In case of MEC, similar to AdCC and PLGA samples, c-kit expression was positive in all MEC specimens. The immunoreactivity for c-kit was 3 + in 66.7% of the cases and 2 + or 1 + in 2 cases [Table 3] and [Figure 3]a and b]. Furthermore, similar to AdCC, the site of histological manifestation of c-kit was diffuse (4/6) [Table 2] and the cellular localization of c-kit in MEC samples predominantly exhibited the cytoplasmic-membranous pattern (4/6) and in only two cases the membranous pattern was observed (2/6).{Figure 3}{Table 3}

In contrast to previous tumors, PA samples showed the expression of c-kit in 76.5% (13/17) of cases and thus, negative results for c-kit expression were observed only in PA samples [Table 3] and [Figure 4]a-c]. Furthermore, the manifestation of c-kit was largely diffuse in the positive samples and c-kit was mostly localized to the membrane (9/13 membranous, 3/13 cytoplasmic and 1/13 both).{Figure 4}

All control samples showed no expression of c-kit, except one sample, which showed c-kit immunoreactivity 1 + with a weak staining intensity.

Therefore, while our results showed a significant difference in the expression of c-kit between the control and tumor specimens (P < 0.05), no significant difference was observed between the benign (PA) and malignant (AdCC, PLGA, and MEC) tumors.

 DISCUSSION



The c-kit proto-oncogene protein is a transmembrane receptor-type III tyrosine kinase that shows structural homology to the receptors of platelet-derived growth factor, macrophage colony stimulating factor and Flt3. Upon binding to its ligand, stem cell factor, it begins a signal cascade that contributes to the growth and differentiation of multiple hematopoietic lineages. [13]

The c-kit gene product is expressed in several normal cells including mast cells and epithelial cells of breast. The crucial role of c-kit in the normal migration and development of germ cells and melanocytes has been demonstrated. [3],[4]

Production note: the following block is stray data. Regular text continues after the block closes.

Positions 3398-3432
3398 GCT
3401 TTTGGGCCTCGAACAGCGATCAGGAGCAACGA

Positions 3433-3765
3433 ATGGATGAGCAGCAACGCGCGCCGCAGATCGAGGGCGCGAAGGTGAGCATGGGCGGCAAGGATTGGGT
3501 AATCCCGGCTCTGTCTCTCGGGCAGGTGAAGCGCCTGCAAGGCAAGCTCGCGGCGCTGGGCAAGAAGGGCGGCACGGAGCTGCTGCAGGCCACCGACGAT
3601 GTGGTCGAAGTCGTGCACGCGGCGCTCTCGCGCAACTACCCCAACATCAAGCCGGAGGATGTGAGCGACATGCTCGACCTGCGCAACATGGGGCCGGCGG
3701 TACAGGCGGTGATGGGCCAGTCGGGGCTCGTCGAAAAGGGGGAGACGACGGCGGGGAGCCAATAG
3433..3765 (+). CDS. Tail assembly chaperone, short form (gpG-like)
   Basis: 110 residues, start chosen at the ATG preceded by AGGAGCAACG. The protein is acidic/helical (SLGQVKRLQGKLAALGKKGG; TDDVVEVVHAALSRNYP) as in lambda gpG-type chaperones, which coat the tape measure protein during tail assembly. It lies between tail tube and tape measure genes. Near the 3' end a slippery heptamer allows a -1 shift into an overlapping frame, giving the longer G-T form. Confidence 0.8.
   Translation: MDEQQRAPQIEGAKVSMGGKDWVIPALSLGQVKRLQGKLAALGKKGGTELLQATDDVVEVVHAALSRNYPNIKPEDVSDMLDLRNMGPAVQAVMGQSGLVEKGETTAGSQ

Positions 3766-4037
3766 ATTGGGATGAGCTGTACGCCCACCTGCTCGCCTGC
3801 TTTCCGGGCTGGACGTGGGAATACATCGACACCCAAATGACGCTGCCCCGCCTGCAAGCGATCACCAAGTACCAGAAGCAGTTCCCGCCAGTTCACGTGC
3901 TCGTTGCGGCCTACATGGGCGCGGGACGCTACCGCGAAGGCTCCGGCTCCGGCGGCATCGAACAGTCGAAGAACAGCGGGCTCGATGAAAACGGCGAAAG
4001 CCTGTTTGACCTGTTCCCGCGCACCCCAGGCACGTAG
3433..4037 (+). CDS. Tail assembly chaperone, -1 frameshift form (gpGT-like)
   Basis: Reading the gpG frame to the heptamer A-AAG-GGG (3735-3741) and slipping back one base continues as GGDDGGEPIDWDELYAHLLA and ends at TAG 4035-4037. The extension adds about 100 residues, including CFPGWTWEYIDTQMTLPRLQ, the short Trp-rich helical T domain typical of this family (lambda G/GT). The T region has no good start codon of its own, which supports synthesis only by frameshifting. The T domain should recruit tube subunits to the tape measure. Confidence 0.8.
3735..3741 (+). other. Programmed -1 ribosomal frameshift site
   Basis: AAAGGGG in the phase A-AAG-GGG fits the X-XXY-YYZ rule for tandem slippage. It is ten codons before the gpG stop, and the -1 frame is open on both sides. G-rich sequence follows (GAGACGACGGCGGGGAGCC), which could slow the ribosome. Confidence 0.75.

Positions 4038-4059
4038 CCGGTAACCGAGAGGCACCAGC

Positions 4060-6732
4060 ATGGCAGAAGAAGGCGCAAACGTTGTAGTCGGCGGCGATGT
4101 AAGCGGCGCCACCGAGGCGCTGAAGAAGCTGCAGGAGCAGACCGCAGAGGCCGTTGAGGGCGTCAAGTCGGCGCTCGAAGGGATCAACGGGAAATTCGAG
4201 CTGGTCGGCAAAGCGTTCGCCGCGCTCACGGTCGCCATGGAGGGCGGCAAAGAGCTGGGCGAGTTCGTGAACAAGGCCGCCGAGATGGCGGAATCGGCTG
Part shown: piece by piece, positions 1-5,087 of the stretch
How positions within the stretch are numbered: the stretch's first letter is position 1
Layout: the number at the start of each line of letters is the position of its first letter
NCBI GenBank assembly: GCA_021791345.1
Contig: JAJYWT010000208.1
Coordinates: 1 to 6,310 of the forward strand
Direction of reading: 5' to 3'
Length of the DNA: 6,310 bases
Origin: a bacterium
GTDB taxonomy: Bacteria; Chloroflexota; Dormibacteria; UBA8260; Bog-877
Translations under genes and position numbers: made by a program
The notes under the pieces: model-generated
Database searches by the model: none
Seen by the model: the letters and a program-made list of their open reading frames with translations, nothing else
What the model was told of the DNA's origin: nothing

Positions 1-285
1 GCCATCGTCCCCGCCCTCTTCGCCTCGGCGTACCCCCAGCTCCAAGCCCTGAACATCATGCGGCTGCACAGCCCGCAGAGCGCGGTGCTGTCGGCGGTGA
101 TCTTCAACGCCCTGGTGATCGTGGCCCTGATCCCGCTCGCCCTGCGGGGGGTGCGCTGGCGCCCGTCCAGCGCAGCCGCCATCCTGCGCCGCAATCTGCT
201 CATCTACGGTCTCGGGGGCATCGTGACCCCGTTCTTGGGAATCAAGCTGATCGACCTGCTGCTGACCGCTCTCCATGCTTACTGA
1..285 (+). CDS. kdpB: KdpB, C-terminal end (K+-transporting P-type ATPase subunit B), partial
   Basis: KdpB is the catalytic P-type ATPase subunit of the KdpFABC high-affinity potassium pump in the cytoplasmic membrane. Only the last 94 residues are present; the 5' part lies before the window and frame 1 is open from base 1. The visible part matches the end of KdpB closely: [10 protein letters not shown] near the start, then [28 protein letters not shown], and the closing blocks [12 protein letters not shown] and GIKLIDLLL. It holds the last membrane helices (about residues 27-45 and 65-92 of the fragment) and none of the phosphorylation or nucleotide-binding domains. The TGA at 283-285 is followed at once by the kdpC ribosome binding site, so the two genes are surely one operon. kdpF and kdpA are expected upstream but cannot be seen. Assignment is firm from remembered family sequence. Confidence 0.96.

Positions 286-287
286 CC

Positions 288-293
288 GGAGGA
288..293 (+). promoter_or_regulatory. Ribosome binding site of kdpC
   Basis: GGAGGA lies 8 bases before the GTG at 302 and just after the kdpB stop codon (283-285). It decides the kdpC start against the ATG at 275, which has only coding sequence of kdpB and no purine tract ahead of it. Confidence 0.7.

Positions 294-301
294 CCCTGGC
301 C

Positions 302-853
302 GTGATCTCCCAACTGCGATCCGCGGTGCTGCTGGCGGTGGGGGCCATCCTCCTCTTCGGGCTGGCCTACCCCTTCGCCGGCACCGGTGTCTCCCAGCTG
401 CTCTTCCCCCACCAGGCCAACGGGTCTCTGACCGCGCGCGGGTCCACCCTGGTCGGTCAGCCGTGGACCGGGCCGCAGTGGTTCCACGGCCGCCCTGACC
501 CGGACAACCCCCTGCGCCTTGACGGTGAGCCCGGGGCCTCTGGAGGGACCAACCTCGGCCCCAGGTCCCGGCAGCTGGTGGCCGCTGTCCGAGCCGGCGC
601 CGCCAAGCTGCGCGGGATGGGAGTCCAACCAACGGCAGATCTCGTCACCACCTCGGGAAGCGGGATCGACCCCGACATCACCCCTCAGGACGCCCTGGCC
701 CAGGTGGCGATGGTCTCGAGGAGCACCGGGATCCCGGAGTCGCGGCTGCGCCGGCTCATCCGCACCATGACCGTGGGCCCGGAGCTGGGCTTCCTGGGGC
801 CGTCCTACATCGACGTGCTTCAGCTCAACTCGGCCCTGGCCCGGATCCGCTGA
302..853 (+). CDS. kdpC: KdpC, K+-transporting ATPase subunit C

Alteration in c-kit expression has been observed in a variety of neoplasms including gastrointestinal stromal cell tumors (GISTs), germ cell tumors and salivary gland tumors. [1],[12]

Until recently, a limited number of studies have examined the expression of c-kit protein in salivary glands. Several studies have reported a consistently strong expression of the c-kit protein (CD117) in AdCC. However, some other salivary gland tumors including PA and PLGA may also be immunoreactive, and studies attempting to differentiate PLGA from AdCC have shown discrepant results. [14],[15] Indeed, differentiating between AdCC and other salivary gland tumors, especially PLGA, can be a diagnostic challenge. Penner et al. demonstrated that c-kit might be a valuable adjunctive tool for differentiating AdCC from PLGA or benign from malignant neoplasm, whereas Edwards et al. suggested that c-kit was not a useful marker for diagnosis. [12]

In addition to the role of c-kit in the diagnosis of AdCC, the relationship of c-kit expression with clinical findings was also evaluated by Lee et al. They reported that the expression of c-kit had no predictive value for recurrence and prognosis. [16] The discrepancy in the previous results compelled us to investigate the potential of c-kit for the diagnosis of AdCC.

In this study, we explored c-kit protein expression in certain types of neoplastic and non-neoplastic salivary gland specimens. Consistent with previous reports, all cases of AdCC exhibited the expression of c-kit protein in this malignant neoplasm. [1],[11],[12],[17],[18],[19],[20],[21],[22]

According to WHO classification, AdCC has three microscopic patterns: Tubular (well-differentiated or grade I), cribriform (moderately differentiated or grade II) and solid pattern (poorly differentiated or grade III). [23] The most common pattern is cribriform and the less frequent one is the solid type. A mixture of patterns is common in AdCC and classification is done according to the predominant pattern. [15] Although the mixed type was also seen in our samples, the cribriform pattern was prominent and thus, our cases were classified as the cribriform type.

In our analyses, most of the AdCC samples showed immunoreactivity for c-kit protein in more than 50% of the cells (3 + ). Similar observations had previously been reported by Epivatianos et al., [17] Andreadis et al., [19] Chandan et al. [21] and Penner et al. [12] Furthermore, several studies on AdCC have shown c-kit protein expression in neoplastic cells exhibiting solid pattern; luminal cells of tubular structures and cells lining cribriform spaces. [11],[12],[17],[19],[22] Notably, in this study, we could demonstrate a diffuse pattern of c-kit expression in AdCC specimens, which can explain the discrepancy in previous observations. We find that in AdCC, the c-kit protein has a cytoplasmic-membranous localization, which concurs with the findings of Mino et al., [11] and differs from the previous reports by Chandan et al., [21] Edwards et al. [22] and Jeng et al., [1] showing only a cytoplasmic localization of c-kit protein.